[Haskell-cafe] General function to count list elements?

Ryan Ingram ryani.spam at gmail.com
Sat Apr 18 12:51:46 EDT 2009

Haskell is referentially transparent.  This enables a whole host of
program reasoning and compiler optimization techniques that you can't
get in languages without this property; it's hard to explain why it is
good until you've been bitten by code that *isn't*.

One big consequence of referential transparency is that a whole host
of complicated optimizations in other languages are replaced with
simple inlining.

So one question is, what does this program do?
> main = print (count id [id])

The compiler might decide to inline the first id:
> main = print (count (\x -> x) [id])
which then, if we are comparing "machine addresses", means they are not equal.

I am sure you agree that code that stops working depending on the
optimization settings of the compiler is a scary thing!

In scheme, which is not referentially transparent, there are several
equality primitives.  One checks "object identity", whereas another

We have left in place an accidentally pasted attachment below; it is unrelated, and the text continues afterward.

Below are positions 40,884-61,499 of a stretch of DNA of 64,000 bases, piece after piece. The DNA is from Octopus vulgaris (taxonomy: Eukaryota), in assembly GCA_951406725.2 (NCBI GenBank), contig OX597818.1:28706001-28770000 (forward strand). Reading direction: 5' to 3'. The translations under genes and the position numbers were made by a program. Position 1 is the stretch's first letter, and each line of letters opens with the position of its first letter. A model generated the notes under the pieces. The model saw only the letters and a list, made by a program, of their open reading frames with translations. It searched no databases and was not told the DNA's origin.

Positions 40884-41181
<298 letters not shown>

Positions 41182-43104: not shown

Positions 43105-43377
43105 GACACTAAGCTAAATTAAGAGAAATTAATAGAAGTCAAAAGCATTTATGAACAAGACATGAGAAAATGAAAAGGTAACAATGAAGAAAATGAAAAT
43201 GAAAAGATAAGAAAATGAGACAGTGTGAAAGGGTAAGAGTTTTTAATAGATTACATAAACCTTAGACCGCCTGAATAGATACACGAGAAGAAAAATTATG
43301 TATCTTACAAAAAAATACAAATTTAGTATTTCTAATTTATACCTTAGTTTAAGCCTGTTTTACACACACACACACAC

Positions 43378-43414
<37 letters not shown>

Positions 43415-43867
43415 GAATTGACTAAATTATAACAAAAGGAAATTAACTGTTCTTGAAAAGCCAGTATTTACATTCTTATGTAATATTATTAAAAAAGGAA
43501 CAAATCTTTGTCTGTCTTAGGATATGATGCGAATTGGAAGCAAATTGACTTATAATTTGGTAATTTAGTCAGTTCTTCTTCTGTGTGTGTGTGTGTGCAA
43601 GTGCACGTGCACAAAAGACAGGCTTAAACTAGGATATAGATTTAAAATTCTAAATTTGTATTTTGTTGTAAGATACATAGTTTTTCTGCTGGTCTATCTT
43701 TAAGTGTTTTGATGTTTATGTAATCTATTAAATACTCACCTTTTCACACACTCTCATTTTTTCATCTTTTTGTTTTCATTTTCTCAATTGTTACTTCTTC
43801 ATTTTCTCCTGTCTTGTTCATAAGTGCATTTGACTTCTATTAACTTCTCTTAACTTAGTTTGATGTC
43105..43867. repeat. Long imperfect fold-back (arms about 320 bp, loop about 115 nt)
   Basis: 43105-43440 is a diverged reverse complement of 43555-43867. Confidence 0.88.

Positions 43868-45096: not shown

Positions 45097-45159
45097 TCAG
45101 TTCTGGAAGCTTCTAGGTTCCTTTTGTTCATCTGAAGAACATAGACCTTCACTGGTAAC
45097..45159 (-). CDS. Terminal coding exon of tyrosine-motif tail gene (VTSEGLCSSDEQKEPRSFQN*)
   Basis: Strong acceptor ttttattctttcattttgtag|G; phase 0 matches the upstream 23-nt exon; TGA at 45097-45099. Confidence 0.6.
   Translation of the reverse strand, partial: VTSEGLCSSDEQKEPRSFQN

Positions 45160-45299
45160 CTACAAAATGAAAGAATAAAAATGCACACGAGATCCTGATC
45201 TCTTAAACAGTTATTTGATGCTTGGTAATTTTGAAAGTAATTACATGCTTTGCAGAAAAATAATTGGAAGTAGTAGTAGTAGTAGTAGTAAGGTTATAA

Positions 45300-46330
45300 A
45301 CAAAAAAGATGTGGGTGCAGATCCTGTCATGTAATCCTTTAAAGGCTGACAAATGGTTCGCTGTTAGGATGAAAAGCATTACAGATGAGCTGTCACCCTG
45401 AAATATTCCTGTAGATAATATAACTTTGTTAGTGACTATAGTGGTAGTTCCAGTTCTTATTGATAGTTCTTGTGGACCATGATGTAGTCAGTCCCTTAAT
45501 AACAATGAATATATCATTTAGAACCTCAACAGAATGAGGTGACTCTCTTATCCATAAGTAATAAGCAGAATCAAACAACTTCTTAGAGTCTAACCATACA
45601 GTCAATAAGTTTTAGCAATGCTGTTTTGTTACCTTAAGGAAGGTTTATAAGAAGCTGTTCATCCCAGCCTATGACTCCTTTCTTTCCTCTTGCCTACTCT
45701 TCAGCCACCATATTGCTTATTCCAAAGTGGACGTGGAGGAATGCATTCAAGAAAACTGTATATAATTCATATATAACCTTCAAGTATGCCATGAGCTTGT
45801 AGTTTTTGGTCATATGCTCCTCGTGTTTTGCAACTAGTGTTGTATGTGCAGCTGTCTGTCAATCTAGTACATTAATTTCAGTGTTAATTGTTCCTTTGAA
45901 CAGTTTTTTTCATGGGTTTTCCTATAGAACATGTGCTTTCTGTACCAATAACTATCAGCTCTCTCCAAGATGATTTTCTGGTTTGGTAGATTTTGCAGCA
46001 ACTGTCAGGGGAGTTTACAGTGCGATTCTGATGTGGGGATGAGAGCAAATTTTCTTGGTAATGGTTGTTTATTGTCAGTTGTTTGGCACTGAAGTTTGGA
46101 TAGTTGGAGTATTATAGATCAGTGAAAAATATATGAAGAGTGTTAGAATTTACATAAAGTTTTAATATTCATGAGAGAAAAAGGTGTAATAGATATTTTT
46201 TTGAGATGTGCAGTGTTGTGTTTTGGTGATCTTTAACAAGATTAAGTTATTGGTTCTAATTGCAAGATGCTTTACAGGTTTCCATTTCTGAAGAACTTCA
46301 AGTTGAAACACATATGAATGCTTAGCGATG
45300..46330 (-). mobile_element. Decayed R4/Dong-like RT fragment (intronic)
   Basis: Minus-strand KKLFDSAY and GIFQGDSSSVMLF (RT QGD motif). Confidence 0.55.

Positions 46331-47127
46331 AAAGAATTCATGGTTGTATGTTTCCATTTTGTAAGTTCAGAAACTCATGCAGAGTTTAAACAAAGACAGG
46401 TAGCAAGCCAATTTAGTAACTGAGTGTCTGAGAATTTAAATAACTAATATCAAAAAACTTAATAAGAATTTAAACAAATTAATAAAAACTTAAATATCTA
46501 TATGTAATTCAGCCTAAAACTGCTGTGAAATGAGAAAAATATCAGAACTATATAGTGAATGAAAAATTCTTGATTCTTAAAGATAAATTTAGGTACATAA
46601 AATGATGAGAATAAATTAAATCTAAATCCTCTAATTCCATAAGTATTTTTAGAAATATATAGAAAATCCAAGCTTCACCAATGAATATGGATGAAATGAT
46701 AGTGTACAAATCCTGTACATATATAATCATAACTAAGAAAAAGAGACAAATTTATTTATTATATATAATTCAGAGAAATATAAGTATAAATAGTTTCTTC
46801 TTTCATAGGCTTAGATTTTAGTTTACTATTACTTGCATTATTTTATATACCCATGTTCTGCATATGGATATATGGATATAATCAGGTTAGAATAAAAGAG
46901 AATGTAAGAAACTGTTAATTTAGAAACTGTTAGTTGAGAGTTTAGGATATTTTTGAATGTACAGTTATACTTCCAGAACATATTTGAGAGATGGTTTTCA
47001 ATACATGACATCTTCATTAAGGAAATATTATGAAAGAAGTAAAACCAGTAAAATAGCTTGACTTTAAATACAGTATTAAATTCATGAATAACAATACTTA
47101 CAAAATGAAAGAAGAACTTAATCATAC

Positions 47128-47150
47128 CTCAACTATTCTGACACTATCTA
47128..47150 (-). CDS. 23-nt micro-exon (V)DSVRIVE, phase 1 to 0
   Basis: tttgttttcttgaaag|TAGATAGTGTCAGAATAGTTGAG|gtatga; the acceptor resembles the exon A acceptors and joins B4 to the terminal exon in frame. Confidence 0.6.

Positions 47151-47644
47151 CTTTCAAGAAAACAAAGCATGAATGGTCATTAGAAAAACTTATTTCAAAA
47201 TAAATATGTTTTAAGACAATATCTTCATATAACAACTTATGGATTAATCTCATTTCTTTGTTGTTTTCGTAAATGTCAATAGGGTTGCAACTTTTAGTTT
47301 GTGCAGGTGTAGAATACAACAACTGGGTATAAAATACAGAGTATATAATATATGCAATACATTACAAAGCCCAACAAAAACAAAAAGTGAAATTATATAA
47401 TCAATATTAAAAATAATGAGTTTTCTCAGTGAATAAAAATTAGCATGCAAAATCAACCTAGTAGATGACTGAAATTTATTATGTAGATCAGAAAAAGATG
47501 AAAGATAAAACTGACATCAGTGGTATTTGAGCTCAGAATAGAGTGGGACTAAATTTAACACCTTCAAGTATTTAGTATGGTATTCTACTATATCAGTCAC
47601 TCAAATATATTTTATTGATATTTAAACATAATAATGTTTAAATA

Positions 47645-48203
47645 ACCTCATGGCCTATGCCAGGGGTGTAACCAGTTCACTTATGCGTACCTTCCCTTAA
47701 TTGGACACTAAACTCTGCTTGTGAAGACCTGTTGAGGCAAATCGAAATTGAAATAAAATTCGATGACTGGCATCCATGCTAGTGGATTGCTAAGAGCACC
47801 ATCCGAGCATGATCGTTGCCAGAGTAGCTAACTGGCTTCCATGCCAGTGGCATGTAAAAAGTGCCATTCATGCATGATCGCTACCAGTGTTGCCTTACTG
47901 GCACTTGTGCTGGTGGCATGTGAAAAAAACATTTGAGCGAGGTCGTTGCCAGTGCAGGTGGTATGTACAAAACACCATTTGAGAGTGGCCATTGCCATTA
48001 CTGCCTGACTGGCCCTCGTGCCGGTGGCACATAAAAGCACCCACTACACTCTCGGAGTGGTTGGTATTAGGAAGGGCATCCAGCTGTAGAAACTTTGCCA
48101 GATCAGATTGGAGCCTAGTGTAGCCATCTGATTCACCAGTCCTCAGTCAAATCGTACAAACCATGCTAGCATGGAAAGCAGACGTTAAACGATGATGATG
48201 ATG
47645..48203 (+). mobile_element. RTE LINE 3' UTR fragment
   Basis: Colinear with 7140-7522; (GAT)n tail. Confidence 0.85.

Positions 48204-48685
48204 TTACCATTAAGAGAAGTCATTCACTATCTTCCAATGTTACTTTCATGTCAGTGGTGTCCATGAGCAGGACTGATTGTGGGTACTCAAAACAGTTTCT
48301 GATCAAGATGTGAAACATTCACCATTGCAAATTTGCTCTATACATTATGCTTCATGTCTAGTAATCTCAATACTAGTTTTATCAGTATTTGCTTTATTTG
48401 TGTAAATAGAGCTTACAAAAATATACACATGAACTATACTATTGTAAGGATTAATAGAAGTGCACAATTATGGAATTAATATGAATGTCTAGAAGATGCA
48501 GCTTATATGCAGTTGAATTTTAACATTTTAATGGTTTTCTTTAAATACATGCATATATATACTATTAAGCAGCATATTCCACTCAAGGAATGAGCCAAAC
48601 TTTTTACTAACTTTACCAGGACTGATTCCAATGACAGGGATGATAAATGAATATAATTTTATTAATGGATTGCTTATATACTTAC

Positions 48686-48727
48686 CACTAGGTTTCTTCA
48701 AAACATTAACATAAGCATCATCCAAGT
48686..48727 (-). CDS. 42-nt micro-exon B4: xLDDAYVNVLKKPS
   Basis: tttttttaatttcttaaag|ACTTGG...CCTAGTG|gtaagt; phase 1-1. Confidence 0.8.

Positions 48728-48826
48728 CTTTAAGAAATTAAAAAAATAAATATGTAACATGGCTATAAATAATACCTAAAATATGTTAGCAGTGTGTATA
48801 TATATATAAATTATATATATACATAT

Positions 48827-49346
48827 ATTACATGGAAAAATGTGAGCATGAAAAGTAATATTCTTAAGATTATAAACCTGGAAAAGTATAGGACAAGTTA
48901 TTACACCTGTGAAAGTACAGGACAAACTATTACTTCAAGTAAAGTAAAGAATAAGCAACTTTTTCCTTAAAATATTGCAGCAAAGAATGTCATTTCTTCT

goes into the depths of any structure it is passed and compares the
innards.  In Haskell, there is *no* concept of "object identity.  It
just doesn't exist!   This means there is no observable difference
between 1 and (length [ "hello" ]).  There's no observable difference
between const and (\x y -> x).

In order to make this work, but still be able to use == (which
everyone wants), == requires its arguments to be of a type that is
comparable for equality; that's what the error message from ghci is

On Sat, Apr 18, 2009 at 9:27 AM, michael rice <nowgate at yahoo.com> wrote:
>     No instance for (Eq (a -> a -> Bool))
>       arising from a use of `==' at <interactive>:1:0-13

  -- ryan

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